Dynasties and Interludes: Past and Present in Canadian by Jon H. Pammett, Lawrence LeDuc, André Turcotte, Judith I.

By Jon H. Pammett, Lawrence LeDuc, André Turcotte, Judith I. McKenzie

Dynasties and Interludes offers a finished and exact review of elections and vote casting in Canada from Confederation to the hot spate of minority governments. Its vital argument is that the Canadian political panorama has consisted of lengthy sessions of hegemony of a unmarried occasion and/or chief (dynasties), punctuated by means of brief, sharp disruptions led to by means of the surprising upward push of recent events, leaders, or social events (interludes).

Changes within the composition of the citizens and within the expertise and professionalization of election campaigns also are tested during this ebook, either to supply a greater knowing of key turning issues in Canadian heritage and a deeper interpretation of present-day electoral politics.

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It is possible, as in Finland, for the number of seats assigned to a political party to be determined by the sum of votes received by candidates on an individual basis. The elector is then voting for a candidate and not a party (Raunio 2005; Taagepera 1994). 9. org/report-types/freedom-world (accessed February 29, 2012). 10. The opposite effect can also be argued: a low threshold of representation favours the parliamentary representation of small parties for which women are often candidates. However, this argument suffers from an important weakness: since small parties achieve only a few seats each, it is likely that these seats will be given to men, as men are more likely to be the party leaders and thus at the top of each list.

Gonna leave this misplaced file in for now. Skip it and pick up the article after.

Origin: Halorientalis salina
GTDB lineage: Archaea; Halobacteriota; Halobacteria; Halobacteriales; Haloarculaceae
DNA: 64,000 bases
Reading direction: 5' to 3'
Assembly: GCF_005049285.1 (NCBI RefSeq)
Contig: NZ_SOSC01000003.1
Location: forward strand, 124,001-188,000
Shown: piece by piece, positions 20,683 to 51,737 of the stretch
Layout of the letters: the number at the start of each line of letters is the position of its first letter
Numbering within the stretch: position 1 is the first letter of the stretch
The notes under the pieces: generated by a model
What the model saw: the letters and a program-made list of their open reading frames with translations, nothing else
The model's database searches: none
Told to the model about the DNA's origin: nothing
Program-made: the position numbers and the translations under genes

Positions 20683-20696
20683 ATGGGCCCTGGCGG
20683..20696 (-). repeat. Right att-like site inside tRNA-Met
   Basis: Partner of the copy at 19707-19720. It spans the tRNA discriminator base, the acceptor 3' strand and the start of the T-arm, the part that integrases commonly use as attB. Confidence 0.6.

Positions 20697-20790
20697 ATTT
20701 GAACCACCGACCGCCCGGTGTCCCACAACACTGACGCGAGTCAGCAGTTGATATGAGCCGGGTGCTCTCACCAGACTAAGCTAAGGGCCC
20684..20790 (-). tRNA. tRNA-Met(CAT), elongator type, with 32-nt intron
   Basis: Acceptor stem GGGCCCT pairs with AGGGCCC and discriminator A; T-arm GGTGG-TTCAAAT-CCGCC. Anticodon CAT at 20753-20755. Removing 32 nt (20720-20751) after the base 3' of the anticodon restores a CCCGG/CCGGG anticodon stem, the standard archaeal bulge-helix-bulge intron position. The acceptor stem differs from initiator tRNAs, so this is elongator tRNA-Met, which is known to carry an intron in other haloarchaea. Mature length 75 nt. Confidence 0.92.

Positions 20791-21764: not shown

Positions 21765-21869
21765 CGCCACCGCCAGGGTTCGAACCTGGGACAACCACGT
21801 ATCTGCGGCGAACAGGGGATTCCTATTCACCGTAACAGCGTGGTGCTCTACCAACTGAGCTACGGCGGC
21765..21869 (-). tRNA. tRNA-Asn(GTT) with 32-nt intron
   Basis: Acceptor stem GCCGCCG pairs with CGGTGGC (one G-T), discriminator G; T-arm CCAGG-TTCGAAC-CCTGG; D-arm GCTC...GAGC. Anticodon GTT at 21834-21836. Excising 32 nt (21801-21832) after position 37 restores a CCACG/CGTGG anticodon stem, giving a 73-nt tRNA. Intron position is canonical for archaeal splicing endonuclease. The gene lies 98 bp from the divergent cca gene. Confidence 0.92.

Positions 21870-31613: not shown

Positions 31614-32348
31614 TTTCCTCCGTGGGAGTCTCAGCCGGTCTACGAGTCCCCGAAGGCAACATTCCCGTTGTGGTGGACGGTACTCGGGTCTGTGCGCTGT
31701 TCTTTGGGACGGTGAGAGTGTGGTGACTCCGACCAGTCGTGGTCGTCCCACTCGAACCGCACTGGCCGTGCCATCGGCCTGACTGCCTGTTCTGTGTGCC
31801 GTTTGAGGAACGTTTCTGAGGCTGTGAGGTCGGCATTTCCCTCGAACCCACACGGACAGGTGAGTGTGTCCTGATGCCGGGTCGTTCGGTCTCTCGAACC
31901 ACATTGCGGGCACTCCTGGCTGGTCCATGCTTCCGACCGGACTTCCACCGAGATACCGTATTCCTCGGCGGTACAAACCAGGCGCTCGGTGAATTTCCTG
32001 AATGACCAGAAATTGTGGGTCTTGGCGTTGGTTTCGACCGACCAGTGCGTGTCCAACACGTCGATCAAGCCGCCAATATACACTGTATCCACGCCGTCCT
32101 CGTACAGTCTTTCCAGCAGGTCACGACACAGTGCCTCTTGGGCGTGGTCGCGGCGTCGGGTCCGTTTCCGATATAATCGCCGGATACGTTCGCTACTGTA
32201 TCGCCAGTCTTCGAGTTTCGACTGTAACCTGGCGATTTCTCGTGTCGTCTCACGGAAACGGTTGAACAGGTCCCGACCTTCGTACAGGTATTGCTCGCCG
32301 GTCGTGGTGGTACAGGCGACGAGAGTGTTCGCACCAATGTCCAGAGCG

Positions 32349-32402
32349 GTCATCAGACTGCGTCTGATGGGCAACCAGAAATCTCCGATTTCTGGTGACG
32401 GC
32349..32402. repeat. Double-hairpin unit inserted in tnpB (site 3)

Finally, the case of Japan illustrates the importance (maybe even the precedence) of cultural variables over socioeconomic and political factors in understanding the proportion of women in parliaments. Analysis of each of the countries examined in this work shares a common format of four sections, in addition to the introductions and conclusions: ● ● ● ● Description of the voting system: The objective of this section is to describe the voting system used to elect members to the lower or single house of the national parliament.

In terms of descriptive representation, a legislative assembly is said to be representative if its makeup constitutes a miniaturized model or a microcosm of society. Consequently, it is argued that women are equal citizens and therefore should share, equally with men, public decision-making positions; otherwise, there is a representation deficit. While this is not a new view of representation, it has gathered momentum in recent years. If, historically, the discussion of political representation excluded women, today it is impossible to imagine it proceeding without addressing the political representation of women.

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